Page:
Seligman’s first question, however, addressed whether there was a reason for college students entering the workforce to have the same “cockeyed optimism” Clinton characterized himself as having. Clinton’s answer was a “yes,” albeit a somewhat reserved one — he stressed several advantages that college students in the U.S. have, but also that the future for them depends on a turnaround in economic growth.

Still, his prevailing message was one of optimism.

“Don’t ever make a decision to be disappointed. Make a decision to be happy, to be fulfilled, to succeed,” he said to a round of applause.

In general, Clinton’s insights seemed to resonate with the students in attendance.

“He really challenged us to look forward to the future and think about how we can make a difference,” senior Yoni Bokser said. “He got the audience thinking about the problems in the world today and how we can anticipate the problems of the future.”

Senior Tess Petersen echoed the sentiment.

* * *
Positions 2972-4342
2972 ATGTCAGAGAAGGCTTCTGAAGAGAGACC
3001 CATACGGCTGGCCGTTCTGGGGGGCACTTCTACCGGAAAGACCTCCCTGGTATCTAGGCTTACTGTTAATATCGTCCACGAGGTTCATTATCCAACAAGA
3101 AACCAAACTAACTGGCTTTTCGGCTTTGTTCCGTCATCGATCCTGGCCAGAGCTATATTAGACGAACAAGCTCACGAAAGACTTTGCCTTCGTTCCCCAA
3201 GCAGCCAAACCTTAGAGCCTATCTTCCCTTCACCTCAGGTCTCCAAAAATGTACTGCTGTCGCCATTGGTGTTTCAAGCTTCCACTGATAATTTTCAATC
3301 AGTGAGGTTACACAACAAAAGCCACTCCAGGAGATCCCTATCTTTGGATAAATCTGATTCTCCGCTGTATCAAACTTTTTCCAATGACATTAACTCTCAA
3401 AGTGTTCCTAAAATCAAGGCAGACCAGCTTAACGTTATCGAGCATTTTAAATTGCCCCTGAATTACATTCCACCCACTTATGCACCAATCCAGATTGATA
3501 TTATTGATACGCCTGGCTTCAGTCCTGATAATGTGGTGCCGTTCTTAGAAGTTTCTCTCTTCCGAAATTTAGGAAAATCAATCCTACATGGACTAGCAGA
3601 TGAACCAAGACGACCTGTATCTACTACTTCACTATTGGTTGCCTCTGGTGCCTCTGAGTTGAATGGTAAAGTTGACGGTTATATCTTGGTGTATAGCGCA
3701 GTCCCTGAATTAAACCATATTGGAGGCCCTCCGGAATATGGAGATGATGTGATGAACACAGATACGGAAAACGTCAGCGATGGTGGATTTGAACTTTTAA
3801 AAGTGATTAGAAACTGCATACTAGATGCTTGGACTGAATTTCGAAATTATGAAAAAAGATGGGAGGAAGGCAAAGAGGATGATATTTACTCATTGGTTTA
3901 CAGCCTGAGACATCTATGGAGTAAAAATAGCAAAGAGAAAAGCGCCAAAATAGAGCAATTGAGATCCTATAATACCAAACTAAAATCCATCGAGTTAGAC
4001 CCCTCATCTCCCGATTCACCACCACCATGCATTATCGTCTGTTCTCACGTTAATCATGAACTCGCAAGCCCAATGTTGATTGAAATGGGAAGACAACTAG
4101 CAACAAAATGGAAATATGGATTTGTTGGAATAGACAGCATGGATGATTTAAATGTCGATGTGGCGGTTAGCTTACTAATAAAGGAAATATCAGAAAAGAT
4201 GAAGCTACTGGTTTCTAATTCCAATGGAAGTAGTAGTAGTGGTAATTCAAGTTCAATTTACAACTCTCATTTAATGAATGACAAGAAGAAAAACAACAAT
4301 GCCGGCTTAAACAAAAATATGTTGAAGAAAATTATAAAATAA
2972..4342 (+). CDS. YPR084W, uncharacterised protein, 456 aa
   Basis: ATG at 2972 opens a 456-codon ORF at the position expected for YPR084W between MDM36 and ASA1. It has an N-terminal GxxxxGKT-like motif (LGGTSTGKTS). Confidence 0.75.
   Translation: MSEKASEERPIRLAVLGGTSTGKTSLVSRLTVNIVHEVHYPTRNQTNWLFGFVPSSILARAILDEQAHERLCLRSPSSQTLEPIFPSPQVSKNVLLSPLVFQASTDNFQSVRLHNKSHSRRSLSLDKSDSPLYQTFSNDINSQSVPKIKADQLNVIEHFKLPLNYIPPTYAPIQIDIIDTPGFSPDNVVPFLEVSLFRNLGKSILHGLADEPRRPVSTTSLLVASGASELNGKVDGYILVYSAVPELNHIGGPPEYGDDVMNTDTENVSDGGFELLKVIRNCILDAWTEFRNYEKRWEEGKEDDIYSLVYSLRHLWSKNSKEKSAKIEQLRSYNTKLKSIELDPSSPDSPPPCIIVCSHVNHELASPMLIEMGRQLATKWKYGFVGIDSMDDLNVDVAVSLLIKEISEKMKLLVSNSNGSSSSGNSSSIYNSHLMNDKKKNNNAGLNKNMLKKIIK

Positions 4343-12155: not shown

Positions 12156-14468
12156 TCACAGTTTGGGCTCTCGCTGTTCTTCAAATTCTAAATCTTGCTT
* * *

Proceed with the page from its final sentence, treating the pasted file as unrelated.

“Sitting in the front row for the Bill Clinton address was a once in a lifetime, unforgettable experience,” she said. “His powerful words and inspiring message will resonate with me for years.”

Additional reporting by Kait Holden, class of 2013.

Fleming and Silverstein are members of the class of 2013.

Clinton stream a success

By Leah Buletti

In response to student outcry over the difficulty of obtaining tickets President Bill Clinton’s live keynote address or the simulcast venues, UR made the decision to stream the speech to the campus community — a decision announced publicly only two days prior.

Despite the short amount of prep time, UR Information Technology (IT) claims that the stream was accomplished almost flawlessly.

Approximately 400 students, faculty and staff members took advantage of the stream, according to Chief Information Officer John Barden, who said this number is almost certainly an underestimate, given that many people watched the speech in groups.

The primary web stream had a 30 second interruption early in the address, “but the rest of the nearly hour and 30 minutes was seamless,” Barden said.

About 20 people stopped in or called the IT Help Desk on Saturday morning before the address, but after it went online, IT received no further questions or concerns, Barden said.

“Advancement and UR IT are thrilled that we were able to broaden the audience through the use of this technology,” Barden said. “Thanks go to the student body for the feedback that provided a launch pad for [an] agreement with the Clinton foundation that made this possible.”